Control Plan or Process Management Plan is a document ensuring that a robust mechanism to monitor and follow-up is established before the solution is implemented. Most Lean Six Sigma projects don’t exist after a few years of implementation. Usually, it is because of a poor control plan. A control plan covers: which metrics will be monitored, method of monitoring, how often, by whom and what has to be done when they go out of control (aka Reaction Plan).
It is recommended to have a control plan that is easy to implement and sustain.
Real implementation of a solution is part of the Control phase. Change management skills of the green belt is tested during this stage.
As a part of the control plan, the method of monitoring has to be specific. Statistical Process Control uses well known Control Charts or Shewhart Charts. A control chart, computes the lower and upper control limits as a threshold to monitor any process measures; like CTQ. As the threshold is breached, the reaction plan has to be triggered. As the name suggests, it is a chart that is based on the principles of statistics, and hence there are no false alarms. Instilling the discipline of creating control charts and monitoring as per Control Plan is part of the rigor of a Lean Six Sigma Green Belt.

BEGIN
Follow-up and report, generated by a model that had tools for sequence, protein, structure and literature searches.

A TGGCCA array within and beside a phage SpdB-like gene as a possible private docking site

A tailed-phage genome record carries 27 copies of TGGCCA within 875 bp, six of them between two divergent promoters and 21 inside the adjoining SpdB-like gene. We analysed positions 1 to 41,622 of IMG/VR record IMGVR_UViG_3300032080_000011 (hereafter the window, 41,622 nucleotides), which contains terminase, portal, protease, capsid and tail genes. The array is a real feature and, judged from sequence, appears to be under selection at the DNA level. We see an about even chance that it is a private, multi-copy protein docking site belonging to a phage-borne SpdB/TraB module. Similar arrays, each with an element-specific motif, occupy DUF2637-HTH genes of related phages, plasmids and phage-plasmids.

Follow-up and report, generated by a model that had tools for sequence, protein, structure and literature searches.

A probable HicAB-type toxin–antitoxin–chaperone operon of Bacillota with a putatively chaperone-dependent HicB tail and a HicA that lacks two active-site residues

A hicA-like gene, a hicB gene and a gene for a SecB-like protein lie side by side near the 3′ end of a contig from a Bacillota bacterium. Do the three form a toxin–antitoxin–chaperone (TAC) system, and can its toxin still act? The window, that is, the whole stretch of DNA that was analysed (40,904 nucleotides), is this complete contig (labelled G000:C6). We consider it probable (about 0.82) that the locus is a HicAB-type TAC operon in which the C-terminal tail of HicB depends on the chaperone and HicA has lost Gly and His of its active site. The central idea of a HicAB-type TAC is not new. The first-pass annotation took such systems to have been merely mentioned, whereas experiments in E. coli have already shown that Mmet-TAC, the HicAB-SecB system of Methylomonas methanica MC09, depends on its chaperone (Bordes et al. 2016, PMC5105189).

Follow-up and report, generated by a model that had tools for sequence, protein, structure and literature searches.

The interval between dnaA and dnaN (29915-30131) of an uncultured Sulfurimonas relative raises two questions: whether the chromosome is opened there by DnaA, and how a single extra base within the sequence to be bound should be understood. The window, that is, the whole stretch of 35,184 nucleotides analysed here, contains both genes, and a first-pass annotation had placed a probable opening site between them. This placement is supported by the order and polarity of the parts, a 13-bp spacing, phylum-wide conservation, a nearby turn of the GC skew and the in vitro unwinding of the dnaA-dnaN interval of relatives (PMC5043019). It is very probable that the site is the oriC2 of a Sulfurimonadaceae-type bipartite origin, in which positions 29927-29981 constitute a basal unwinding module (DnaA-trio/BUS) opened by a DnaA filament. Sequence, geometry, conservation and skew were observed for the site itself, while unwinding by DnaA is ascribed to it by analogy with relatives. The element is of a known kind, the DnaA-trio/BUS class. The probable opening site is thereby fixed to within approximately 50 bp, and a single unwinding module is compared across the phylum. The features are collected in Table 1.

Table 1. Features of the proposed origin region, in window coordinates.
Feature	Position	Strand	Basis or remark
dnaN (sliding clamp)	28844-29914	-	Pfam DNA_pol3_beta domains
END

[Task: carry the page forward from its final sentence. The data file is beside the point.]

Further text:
The last deliverable of the Lean Six Sigma project is Benefits Computation and Closure. But before that, the project is monitored for enough time (2 weeks to 2 months) to ensure that benefits are sustained. When the Lean Six Sigma Team is satisfied with the results, then the improved process is formally handed-over to the process owner.
Financial and non-financial benefits are computed based on actual results, and a formal sign-off from the finance manager and sponsor is obtained. This will be the project closure.
The Lean Six Sigma team celebrates its success; distributes rewards for active team members; and finally the Six Sigma Green Belt Certification Ceremony is undertaken.